Your personality can be revealed by your likes and dislikes, including the things that you fear. I am terrified of change and the unknown, hence, the future is an anxiety-inducing topic to discuss for me.

9. I am the way I am because...

What have you gone through in life that has shaped you into who you are today? Remember to be open minded and allow yourself to open up to your peers. You may be surprised by how others respond and/or what others have endured as well.

10. The most unusual item that can be found in your dorm...

This is a fun fact about yourself that can easily liven up an awkward conversation. Think about your quirks and differences! One item I have in my dorm is my teddy bear, Peter, whom I like to joke is my boyfriend.

11. My dream job is...

In college, "What's your major?" is a widespread question. Nonetheless, skip the boring statement of "I'm majoring in..." and go in depth on what your dream job is (hopefully your major factors in to this dream of yours).

12. My hidden talents are...

Angelina Jolie is a knife thrower. Kendall Jenner can produce bird noises. Amanda Seyfried can crochet and knit. Is there anything special you can do? Some people have rare and unique talents, maybe you can think of some hidden talents of your own!

13. My guilty pleasure is...

I will say it a million times: don't be shy when introducing yourself to new people! I'll start by divulging my guilty pleasure: Youtube's family vlogging channel, "OKBaby"!

Check them out: https://www.youtube.com/channel/UCvUCbnwzySKgbKiB_...

14. Some activities on my bucket list are...

This is an easy way to grab people's attention and find others with similar desires as you. Be an adventurer! Go out of your comfort zone!

15. Talk about your best friend...

How would your best friend describe you? What do you love to do with your best friend?

16. Talk about an accomplishment of yours...

You are incredible and have achieved so much! Reveal something that you are proud of — show off a little!

17. This one time at my job...

Bosses breathing down your neck. Curious coworkers asking personal questions. Cursing customers who never leave you alone. Your job can be filled with tons of hilarious situations that can easily entertain a crowd.

18. During the summer...

Any scars with stories? Any summer flings? Any lessons learned from the tanning too long? Now that summer is over, disclose memories that can leave positive impressions on others.

19. I volunteer at...

Do you do any community service? Share a funny moment while you were volunteering. What did you learn while there? Would you continue?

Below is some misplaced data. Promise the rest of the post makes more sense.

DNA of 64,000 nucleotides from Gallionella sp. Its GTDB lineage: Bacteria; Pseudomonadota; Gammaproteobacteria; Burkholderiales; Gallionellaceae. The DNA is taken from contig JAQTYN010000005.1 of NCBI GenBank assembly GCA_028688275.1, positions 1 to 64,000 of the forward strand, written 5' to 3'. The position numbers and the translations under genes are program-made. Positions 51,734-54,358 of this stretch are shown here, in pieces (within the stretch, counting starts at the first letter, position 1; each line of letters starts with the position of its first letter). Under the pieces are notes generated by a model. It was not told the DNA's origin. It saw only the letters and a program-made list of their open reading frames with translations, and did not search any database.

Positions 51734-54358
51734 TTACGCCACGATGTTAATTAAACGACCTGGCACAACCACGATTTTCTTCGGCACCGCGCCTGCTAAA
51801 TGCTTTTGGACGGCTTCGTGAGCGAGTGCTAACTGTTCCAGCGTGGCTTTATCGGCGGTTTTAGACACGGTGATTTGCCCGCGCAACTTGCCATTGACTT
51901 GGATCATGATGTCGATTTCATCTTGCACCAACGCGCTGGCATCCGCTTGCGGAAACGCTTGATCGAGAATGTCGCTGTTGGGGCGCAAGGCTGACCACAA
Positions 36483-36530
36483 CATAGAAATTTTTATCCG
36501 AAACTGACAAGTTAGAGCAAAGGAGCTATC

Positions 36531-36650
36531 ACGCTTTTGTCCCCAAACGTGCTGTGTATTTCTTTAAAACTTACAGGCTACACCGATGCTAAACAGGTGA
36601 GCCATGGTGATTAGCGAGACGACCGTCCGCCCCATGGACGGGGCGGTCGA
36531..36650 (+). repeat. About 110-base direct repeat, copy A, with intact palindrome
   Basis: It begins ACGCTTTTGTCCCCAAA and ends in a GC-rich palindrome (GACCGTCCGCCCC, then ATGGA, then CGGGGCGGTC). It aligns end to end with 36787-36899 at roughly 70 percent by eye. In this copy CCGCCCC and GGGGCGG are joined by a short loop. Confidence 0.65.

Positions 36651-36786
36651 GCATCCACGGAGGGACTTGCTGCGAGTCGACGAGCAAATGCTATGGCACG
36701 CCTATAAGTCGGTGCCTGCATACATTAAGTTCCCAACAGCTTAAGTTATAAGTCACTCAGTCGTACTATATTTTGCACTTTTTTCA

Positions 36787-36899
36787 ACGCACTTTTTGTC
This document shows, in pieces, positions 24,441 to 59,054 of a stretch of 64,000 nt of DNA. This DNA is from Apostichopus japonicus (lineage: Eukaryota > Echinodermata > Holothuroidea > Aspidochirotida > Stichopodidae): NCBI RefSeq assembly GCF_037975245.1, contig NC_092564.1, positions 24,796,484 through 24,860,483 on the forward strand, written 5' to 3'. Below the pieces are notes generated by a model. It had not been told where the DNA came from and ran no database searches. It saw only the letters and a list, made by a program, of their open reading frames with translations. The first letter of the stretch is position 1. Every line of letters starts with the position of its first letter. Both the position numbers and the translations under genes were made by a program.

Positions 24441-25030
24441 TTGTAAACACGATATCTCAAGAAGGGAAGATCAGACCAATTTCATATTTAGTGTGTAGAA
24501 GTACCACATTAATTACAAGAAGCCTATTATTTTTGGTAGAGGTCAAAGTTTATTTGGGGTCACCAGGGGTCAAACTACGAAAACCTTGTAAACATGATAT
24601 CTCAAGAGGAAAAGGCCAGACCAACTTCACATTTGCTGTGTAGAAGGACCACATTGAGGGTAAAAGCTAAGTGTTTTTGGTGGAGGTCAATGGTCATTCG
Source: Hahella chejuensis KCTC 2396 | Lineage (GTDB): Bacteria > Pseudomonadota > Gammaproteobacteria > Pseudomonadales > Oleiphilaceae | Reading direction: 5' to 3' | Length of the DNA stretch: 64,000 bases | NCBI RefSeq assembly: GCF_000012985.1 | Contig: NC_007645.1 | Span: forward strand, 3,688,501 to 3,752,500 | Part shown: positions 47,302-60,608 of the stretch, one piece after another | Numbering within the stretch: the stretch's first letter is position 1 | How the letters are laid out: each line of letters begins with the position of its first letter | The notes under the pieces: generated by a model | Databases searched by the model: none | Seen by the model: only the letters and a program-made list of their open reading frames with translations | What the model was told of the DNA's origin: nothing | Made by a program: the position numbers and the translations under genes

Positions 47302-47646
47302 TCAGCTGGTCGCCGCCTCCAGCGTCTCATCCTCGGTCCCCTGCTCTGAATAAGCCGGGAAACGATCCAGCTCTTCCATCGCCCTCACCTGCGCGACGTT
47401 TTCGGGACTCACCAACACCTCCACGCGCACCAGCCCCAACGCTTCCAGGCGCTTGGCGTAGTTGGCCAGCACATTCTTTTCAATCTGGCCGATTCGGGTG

20. [blank] is meaningful to me because...

What do you appreciate in life? What brightens your day? What makes you fall in love? What does someone have to do to make you smile?

Finally, remember to be outgoing! Reveal that three-mile smile and open your arms to learning about others. Spread smiles, love, and happiness.

Cover Image Credit: Pexels

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How To Know That You're In A New York State Of Mind

"New York is the city that other cities can only dream of being."


A New York State of Mind does not mean you reside in the city, it is a way of life that you live, in which only some people can handle. Here's how to know if you are in a New York State of Mind.

You've got goals, baby.

Setting your mind on your goals, knowing that you'll achieve them is the number one step. You'll do anything to pursue your goals, which is what any good New Yorker would do.

You're not afraid to be alone.

New York is one of the largest cities in the world, which might make it one of the most lonely. Being okay with being alone is a trait only some can hold.

You keep life moving at a fast pace.

You want to do things, and you want them now. Like the queen Ariana Grande says, "I want it, I got it."

You are accepting of all people.

People are people, and everyone deserves the same love as one another, and if you're in a New York State of Mind, you know that.

You know that failure is not an option.

If you fail at something, you don't just quit and give up, you simply find a new, and better way to do that task.

You stay authentic to yourself.

You know who you are, you don't need to prove yourself to anyone. If they appreciate you and want you in their corner, they should make that clear to you.

You have a plan for everything.

You are prepared for whatever is it that is coming at you.

You know the sky isn't the limit, because you're reaching for the stars.

People will think you're crazy, or your dreams are too big. If you're in the right state of mind, you simply ignore them. There's no point in dwelling on other people's thoughts, when you know what you want.

Possessing these personality traits, shows that you are in fact in a New York State of Mind. If you are, you're a bad ass who knows who you are and what you want, and you'll get it, no matter what obstacles life throws your way.